Octopussy (1983)

"I am more concerned about an atomic bomb exploding on a US Air Force base. You can't be inviting a nuclear war. What happens when the US retaliates?""I am more concerned about an atomic bomb exploding on a US Air Force base. You can't be inviting a nuclear war. What happens when the US retaliates?"

“I am more concerned about an atomic bomb exploding on a US Air Force base. You can’t be inviting a nuclear war. What happens when the US retaliates?”

When it comes to Bond films, now thirteen installments strong in the franchise, the first two decades can be described as a franchise of two tones. Connery’s era was more straight forward, serious and had a clear-cut path laid out in front of it. Even Lazenby had a Bond film that dealt with the decisions from previous films. The Moore era, now in his fifth film as the titular fictional MI6 agent, has been sillier and more outrageous with no direction on where the franchise is being take, rather than follow the success of the previous films. Moore’s Bond hasn’t had the pleasure of facing SPECTRE and their fearless megalomaniacal leader Blofeld due to copyright infringement claims so the villains Moore’s Bond has gone tow-to-toe with don’t have the same appeal as a Goldfinger or a Blofeld.

1983 is an odd year for the character James Bond (Roger Moore). Octopussy the official cannon release in the franchise wasn’t the only Bond film to come out that year. Competing against the return of Sean Connery, after a 12-year hiatus from the character in the film put out by Warner Bros Never Say Never Again, based on the novel Thunderball by author Ian Fleming. Octopussy is based on the short story collection Octopussy and The Living Daylights by Fleming with a mostly original screenplay by writer George MacDonald Fraser, Richard Maibaum, & Michael G. Wilson. That’s now two times Connery played Bond in a film based on the novel Thunderball. 


Along with the few remaining returning supporting cast in Miss Moneypenny (Lois Maxwell), Q (Desmond Llewelyn), & Moore, Maude Adams who first appeared in The Man with the Golden Gun returns in Octopussy as the title character, a Jewel smuggler and businesswoman who lives on her own island where no men live. Though no blame can be solely placed on Adams, both Golden Gun and Octopussy are two Bond films that weren’t executed the way they intended too and are perhaps the worst films to be releases.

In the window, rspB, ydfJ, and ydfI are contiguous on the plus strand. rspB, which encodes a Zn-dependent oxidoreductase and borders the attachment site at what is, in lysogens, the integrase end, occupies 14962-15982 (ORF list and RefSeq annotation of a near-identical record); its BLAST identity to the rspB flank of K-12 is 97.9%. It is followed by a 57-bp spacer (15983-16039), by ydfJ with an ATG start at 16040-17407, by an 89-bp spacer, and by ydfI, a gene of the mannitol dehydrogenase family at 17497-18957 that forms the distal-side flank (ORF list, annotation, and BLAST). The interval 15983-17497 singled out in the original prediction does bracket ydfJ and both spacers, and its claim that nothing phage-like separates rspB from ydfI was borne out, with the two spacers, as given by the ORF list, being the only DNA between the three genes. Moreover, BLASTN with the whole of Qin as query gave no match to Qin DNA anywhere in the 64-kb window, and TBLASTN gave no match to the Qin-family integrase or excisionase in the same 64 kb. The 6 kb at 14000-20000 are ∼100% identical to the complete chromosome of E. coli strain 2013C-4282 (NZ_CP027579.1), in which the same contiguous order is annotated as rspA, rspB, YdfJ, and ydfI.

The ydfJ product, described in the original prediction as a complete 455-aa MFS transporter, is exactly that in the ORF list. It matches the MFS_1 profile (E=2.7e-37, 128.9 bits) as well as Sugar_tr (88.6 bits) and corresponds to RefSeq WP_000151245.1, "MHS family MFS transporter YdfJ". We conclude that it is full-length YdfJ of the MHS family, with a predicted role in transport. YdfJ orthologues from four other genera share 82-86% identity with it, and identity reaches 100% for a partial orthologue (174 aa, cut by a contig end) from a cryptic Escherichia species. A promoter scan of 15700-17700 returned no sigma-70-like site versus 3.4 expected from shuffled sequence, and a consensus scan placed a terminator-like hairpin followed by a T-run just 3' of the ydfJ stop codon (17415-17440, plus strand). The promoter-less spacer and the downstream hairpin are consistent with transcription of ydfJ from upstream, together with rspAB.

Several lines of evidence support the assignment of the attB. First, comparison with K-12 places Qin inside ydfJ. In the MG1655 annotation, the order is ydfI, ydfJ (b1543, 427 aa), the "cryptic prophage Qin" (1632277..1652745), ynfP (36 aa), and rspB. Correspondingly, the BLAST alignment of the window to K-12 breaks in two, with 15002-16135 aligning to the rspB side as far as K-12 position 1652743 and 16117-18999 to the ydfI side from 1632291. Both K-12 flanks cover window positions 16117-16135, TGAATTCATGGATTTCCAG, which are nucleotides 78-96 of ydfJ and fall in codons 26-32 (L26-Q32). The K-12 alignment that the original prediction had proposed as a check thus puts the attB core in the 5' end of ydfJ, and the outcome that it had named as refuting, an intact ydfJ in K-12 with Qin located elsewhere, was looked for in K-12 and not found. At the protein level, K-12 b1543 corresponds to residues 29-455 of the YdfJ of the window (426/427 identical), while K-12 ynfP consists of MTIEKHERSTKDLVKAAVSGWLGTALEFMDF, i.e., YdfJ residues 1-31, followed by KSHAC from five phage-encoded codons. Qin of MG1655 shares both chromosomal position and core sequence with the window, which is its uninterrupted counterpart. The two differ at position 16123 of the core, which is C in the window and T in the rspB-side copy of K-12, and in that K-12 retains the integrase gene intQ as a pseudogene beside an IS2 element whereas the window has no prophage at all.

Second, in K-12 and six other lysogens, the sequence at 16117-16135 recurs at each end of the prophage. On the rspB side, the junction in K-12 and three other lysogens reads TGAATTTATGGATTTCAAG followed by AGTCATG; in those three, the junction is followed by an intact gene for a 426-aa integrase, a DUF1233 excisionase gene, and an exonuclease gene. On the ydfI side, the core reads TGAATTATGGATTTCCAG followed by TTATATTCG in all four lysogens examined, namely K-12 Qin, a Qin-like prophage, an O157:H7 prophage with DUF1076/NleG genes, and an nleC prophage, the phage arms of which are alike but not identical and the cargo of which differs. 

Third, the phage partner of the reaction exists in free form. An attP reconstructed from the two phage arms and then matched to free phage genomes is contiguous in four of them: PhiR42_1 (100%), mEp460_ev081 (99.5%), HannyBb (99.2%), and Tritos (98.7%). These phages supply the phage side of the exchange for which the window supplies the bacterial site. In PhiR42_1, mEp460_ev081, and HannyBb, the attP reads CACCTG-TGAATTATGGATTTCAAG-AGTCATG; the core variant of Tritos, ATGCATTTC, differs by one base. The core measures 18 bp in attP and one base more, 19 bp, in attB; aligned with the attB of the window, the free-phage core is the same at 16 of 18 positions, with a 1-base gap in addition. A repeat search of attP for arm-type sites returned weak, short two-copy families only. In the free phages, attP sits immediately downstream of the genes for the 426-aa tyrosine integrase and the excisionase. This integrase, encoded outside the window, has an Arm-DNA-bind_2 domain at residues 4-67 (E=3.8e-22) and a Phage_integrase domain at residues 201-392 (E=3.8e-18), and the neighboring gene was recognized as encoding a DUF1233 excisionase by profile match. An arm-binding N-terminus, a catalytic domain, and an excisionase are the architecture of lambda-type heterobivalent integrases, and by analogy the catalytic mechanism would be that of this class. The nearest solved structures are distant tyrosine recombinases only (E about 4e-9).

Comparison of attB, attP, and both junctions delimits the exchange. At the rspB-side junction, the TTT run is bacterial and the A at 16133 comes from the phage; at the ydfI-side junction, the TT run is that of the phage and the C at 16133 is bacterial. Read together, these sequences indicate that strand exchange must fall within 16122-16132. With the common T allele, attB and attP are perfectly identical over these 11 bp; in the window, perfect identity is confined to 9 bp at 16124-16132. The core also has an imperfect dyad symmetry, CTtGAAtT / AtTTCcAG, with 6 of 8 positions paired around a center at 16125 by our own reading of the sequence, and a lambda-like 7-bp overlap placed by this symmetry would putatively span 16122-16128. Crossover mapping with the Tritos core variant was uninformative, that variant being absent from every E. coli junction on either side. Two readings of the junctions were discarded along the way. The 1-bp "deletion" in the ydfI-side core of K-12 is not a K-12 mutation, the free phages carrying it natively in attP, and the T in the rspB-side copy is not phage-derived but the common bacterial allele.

Returning to the franchise after a one film absence and was replaced by two characters for the time being is M (Robert Brown) who is taking over the mantle after the passing of Bernard Lee who played the role since the inception of the franchise in Dr. No. 

Besides the spectacular pre-credit action set piece that has Bond evading capture after going undercover to then flying a single person aircraft and out maneuvering a missile that blows up a hanger instead, Octopussy is a convoluted mess. Revolving simultaneously around jewelry smuggling, atomic warfare, outlasting a crazed villain hunting Bond for sport, and an all-woman cult, keeping up with each plot point is exhausting way beyond trying to piece together why these storylines made it into the same film. There’s an identity crisis on the villains’ side of the coin, on one hand there’s Kamal Khan (Louis Jordan), a wealthy afghan prince looking to win the prized Fabergé Egg and on the other is General Orlov (Steven Berkoff) who wishes to set off an atomic bomb in the American side of East Berlin.